The emergence of the delta variant of COVID-19 is once again putting a major strain on health care systems nationwide. One of the primary concerns during the pandemic is the ability of each state’s hospitals to handle a growing number of cases. If there are too many cases in a short period of time, hospitals can run out of beds and their capacity to treat people diagnosed with COVID-19 can be overwhelmed.

Our team of analysts looked at each state’s number of intensive care unit (ICU) beds, staffing shortages and number of physicians to see which states are least prepared for another surge in cases.

Key findings:

    • Over 77% of ICU beds across the country are currently being used.
    • Nearly 25% of hospitals are dealing with critical staffing shortages.
    • Georgia, Texas and Idaho currently have the least prepared hospitals.
    • More than 90% of ICU beds in five southern states are being used.
    • Florida, Texas and Georgia have the highest numbers of pediatric patients in the hospital with COVID-19.
    • Nationwide, there are an average of 2.96 physicians and .32 ICU beds per 1,000 people.

When our team of analysts looked at each state’s ICU unit, we found that many southern states are nearing or already at capacity. Nearly 90% of ICU beds in five southern states are currently occupied. We also found that southern states had a higher percentage of hospitals experiencing critical staffing shortages, and that the number of children hospitalized with COVID-19 is rising.

ICU bed and staffing shortages in each state
State % of ICU beds in use % of hospitals with critical staffing shortage Number of pediatric COVID-19 hospitalizations
U.S. 77% 22% 5,967
Alabama 101% 43% 55
Georgia 94% 30% 146
Florida 93% 33% 216
Mississippi 93% 17% 32
Texas 93% 23% 237
Kentucky 91% 19% 52
Louisiana 89% 27% 47
Missouri 89% 43% 76
Oklahoma 88% 34% 61
Arkansas 87% 22% 26
Nevada 85% 6% 5
North Carolina 85% 9% 49
South Carolina 84% 32% 18
New Mexico 84% 40% 21
Idaho 83% 9% 4
Maine 80% 10% 5
Alaska 80% 9% 3
Rhode Island 79% 55% 3
California 79% 32% 136
Oregon 78% 10% 20
Vermont 78% 29% 0
Minnesota 77% 15% 15
Pennsylvania 77% 14% 62
Colorado 76% 11% 26
Washington 76% 31% 34
Delaware 76% 14% 6
Michigan 76% 3% 17
Hawaii 75% 4% 4
West Virginia 75% 19% 16
Kansas 75% 14% 5
Indiana 75% 14% 35
Nebraska 75% 14% 5
Massachuseets 73% 11% 6
Tennessee 73% 59% 51
Virginia 72% 17% 21
Iowa 71% 7% 14
Maryland 70% 2% 16
Ohio 70% 10% 139
Montana 70% 11% 9
Utah 69% 7% 8
Illinois 69% 9% 47
New York 66% 4% 66
Wisconsin 64% 15% 10
North Dakota 63% 25% 1
New Hampshire 60% 19% 0
South Dakota 59% 0% 2
Arizona 59% 29% 65
Connecticut 54% 0% 5
New Jersey 42% 10% 90
Wyoming 41% 22% 2

Ranking state hospital capacity

To evaluate health care capacity, we analyzed Health and Human Services (HHS) and Kaiser Family Foundation data looking at IUC beds and physicians per 1,000 people in each state. We took a composite ranking score to determine hospital capacity in each state. States with the highest rankings are considered least prepared for hospital capacity. We also compared HHS data for estimated ICU beds in use. This capacity figure is intended to show the total current capacity of ICU beds as of Aug. 23.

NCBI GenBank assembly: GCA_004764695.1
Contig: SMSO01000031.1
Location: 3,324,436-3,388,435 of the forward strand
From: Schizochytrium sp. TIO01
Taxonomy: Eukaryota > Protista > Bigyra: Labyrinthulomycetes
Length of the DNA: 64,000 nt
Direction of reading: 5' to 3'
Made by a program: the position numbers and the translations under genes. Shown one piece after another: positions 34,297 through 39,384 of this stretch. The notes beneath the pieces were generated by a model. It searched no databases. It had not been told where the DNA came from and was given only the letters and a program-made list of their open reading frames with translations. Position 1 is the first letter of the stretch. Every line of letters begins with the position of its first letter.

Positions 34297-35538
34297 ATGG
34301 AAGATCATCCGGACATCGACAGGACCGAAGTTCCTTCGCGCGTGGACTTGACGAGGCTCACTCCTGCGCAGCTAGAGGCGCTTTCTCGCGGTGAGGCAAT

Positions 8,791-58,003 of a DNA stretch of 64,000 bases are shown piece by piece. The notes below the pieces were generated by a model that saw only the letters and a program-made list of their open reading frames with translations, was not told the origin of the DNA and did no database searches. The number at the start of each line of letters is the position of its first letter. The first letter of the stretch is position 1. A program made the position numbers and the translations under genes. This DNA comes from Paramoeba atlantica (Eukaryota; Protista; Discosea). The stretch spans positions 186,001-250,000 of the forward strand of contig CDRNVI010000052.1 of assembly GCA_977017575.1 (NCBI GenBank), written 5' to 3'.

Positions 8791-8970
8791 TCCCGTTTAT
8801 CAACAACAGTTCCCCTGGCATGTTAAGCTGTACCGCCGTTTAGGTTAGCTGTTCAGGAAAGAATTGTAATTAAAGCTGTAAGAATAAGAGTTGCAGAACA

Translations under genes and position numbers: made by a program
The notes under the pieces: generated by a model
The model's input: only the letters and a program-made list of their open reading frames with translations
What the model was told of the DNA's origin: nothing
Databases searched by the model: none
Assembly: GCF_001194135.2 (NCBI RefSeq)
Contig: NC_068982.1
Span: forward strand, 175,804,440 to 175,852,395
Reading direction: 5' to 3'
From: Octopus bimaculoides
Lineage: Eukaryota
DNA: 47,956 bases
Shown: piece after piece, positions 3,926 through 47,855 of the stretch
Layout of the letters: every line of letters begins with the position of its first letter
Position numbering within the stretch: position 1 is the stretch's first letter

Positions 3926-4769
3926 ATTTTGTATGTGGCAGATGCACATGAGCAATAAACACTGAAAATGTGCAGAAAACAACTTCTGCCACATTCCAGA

States that are least prepared for hospital capacity
Rank State ICU beds per 1,000 people Physicians per 1,000 people % of ICU utilized
1 Georgia 1.59 2.38 94%
2 Texas 2.07 2.23 93%
3 Idaho 2.02 1.69 83%
4 South Carolina 1.77 2.50 84%
5 New Mexico 1.50 2.78 84%
6 Alaska 1.61 2.60 80%
7 (tie) Nevada 2.37 2.00 85%
7 (tie) Oklahoma 2.25 2.39 88%
9 Hawaii 1.23 2.58 75%
10 Mississippi 2.47 2.22 93%
11 North Carolina 1.92 2.71 85%
12 (tie) Utah 1.54 2.11 69%
12 (tie) Colorado 1.67 2.52 76%
14 California 1.54 2.86 79%
15 Oregon 1.50 2.88 78%
16 Washington 1.23 2.89 76%
17 Arkansas 2.57 2.37 87%
18 Alabama 2.87 2.49 101%
19 Arizona 1.48 2.45 59%
20 Vermont 0.98 3.75 78%
21 (tie) Kentucky 2.71 2.67 91%
21 (tie) Florida 3.65 2.63 93%
23 (tie) Virginia 1.80 2.73 72%
23 (tie) Minnesota 1.96 3.22 77%
25 Rhode Island 1.60 4.71 79%
26 Maine 2.10 3.51 80%
27 (tie) South Dakota 2.26 2.31 59%
27 (tie) Indiana 2.39 2.50 75%
29 Montana 2.53 2.18 70%
30 (tie) Pennsylvania 2.01 3.99 77%
30 (tie) Louisiana 2.81 2.97 89%
32 Delaware 2.21 3.23 76%
33 (tie) Tennessee 2.33 2.78 73%
33 (tie) Kansas 2.46 2.72 75%
33 (tie) Missouri 2.80 3.30 89%
36 (tie) Wyoming 2.61 2.03 41%
36 (tie) Maryland 1.69 4.08 70%
38 Wisconsin 2.08 3.04 64%
39 Iowa 2.55 2.70 71%
40 Nebraska 2.44 2.91 75%
41 Michigan 2.29 3.89 76%
42 New Hampshire 2.15 3.12 60%
43 Illinois 2.23 3.42 69%
44 North Dakota 2.70 2.64 63%
45 New Jersey 2.05 3.43 42%
46 West Virginia 3.17 3.17 75%
47 (tie) Ohio 2.39 3.63 70%
47 (tie) Massachuseets 2.34 5.25 73%
49 New York 2.35 4.60 66%
50 Connecticut 2.27 4.38 54%

Many people are referring to the current spike in the number of COVID-19 cases as the fifth wave. Spikes in southern states are particularly troubling because our analysis found many of these states are not prepared to handle the influx of COVID-19 patients.

Methodology

To calculate the number of available ICU beds in each state, we used data from the United States Department of Health and Human Services compiled starting on Aug. 19.

Data on the number of ICU beds and physicians per capita was compiled using information from the Kaiser Family Foundation and HHS. To calculate the least prepared states for hospital capacity, we generated an aggregate score based on the number of available ICU beds, physicians per capita and current hospital capacity.